Unforgettable

Thinking back to my youth, I remember the sounds and smells of a steam-filled Sunday Roast kitchen at a great pal of mine’s house. Lamb, gravy, two types of potatoes and usually two pudding pies; fit for a King. 

And always in the background there’d be Nat King Cole, Sinatra and Louis Armstrong on the radio. 25 years on and that era of music always transports me back to a Lancashire kitchen.

Bittersweet then to hear of Teddy Mac (above) the ‘Songaminute man’ who at 80 has advanced Alzheimers, but still belts out a show tune in the car with his son, like in his holiday-camp pomp as a Butlin’s redcoat. 

Terry Jones the former Python has gone the same way we learn this week. And there but for the grace of God go us all.

But the uplifting story of Teddy Mac – whilst clearly no fairytale for his family – at least reminds us that the best memories and probably the most durable are often the simplest: a great tune, a tasty meal, a happy moment.

I’ve bought his rendition of “You make me feel so young” on iTunes; it makes me smile, and the proceeds go to Alzheimers research. I’ve also bought a copy for my pal, whose mum’s kitchen I’m sure I heard it in – it brings back happy memories.

Listen to You Make Me Feel So Young – Single by Teddy Mac – The Songaminute Man on @AppleMusic.


Note to Self

20111217-121831.jpgI came upon a terse description of ‘identity’ this week in a longer piece by neuroscientist Terrence W. Deacon of USC Berkeley:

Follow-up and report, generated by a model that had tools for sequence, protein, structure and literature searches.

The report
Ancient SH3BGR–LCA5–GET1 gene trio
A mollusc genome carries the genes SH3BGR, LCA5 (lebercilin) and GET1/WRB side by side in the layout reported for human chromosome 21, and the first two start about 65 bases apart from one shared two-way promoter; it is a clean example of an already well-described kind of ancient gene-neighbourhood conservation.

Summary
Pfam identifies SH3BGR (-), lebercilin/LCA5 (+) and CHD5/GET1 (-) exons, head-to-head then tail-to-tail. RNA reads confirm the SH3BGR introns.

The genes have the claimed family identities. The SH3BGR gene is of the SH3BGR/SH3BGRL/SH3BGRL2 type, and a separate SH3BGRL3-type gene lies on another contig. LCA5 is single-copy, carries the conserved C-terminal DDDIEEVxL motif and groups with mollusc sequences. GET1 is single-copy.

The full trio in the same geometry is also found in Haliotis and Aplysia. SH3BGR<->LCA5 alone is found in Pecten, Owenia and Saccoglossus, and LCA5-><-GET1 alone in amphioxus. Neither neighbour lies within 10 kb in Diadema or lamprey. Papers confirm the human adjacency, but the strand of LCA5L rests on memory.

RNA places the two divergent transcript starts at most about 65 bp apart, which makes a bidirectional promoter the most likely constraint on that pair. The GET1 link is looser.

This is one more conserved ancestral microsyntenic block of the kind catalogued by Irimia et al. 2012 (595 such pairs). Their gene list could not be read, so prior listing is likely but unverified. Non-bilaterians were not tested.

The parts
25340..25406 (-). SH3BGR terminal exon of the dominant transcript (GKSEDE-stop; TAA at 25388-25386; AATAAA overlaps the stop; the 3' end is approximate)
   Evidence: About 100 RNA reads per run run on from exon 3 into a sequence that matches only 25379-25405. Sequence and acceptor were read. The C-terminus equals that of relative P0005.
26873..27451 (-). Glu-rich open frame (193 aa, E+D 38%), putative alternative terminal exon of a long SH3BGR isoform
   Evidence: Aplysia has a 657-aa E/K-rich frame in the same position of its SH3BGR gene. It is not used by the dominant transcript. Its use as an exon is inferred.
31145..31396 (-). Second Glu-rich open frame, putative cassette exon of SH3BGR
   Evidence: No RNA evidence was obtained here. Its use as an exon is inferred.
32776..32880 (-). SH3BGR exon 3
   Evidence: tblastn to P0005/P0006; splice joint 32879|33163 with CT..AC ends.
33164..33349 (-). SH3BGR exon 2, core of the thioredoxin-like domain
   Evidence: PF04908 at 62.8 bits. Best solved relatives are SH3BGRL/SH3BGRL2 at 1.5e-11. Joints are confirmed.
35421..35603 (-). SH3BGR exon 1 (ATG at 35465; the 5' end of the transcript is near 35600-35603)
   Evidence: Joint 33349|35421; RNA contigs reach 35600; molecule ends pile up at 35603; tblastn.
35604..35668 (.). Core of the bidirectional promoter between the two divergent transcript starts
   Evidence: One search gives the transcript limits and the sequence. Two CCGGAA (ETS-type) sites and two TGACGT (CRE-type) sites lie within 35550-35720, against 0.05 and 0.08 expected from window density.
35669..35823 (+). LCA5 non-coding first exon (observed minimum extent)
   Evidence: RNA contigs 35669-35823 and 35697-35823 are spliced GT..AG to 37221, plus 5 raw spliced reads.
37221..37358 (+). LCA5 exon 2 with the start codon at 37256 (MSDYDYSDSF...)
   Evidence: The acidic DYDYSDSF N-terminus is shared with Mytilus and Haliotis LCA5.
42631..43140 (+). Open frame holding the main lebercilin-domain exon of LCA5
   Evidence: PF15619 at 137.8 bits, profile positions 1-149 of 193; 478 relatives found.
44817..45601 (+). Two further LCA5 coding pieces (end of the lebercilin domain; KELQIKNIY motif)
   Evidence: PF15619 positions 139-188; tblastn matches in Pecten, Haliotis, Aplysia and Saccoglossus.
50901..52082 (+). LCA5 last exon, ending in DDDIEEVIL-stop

An intrinsic tendency to maintain a distinctive integrity against the ravages of increasing entropy as well as disturbances imposed by the surroundings.

He was describing the way molecules come together in sympathetic, then symbiotic relationships to form ‘auto-catalytic’ processes – where one chemical reaction feeds, and is fed by another. But deliberately he was defining ‘self’ in a way which embraces chemicals, bodies and minds.

I watched a chilling piece on the news last night about Alzheimer’s, with an awareness raising TV ad portrays sufferers fading through transparency to invisibility. Another of Deacon’s definitions – intended for chemicals, is as true of minds:

To be truly self-maintaining, a system must contain within it some means to ‘remember’ and regenerate those constraints determining its integrity which would otherwise tend to dissipate spontaneously.

Which leads me to the conclusion that:

After Aristotle, as moral animals, we are what we repeatedly do.

After Aquinas and McCabe, as linguistic animals, we are what we think, say and write.

And after Deacon, as forgetful animals – sometimes helpfully, sometimes tragically – we are what we can remember against the ravages of entropy, the environment and time.

All the more reason to write the odd reminder I think.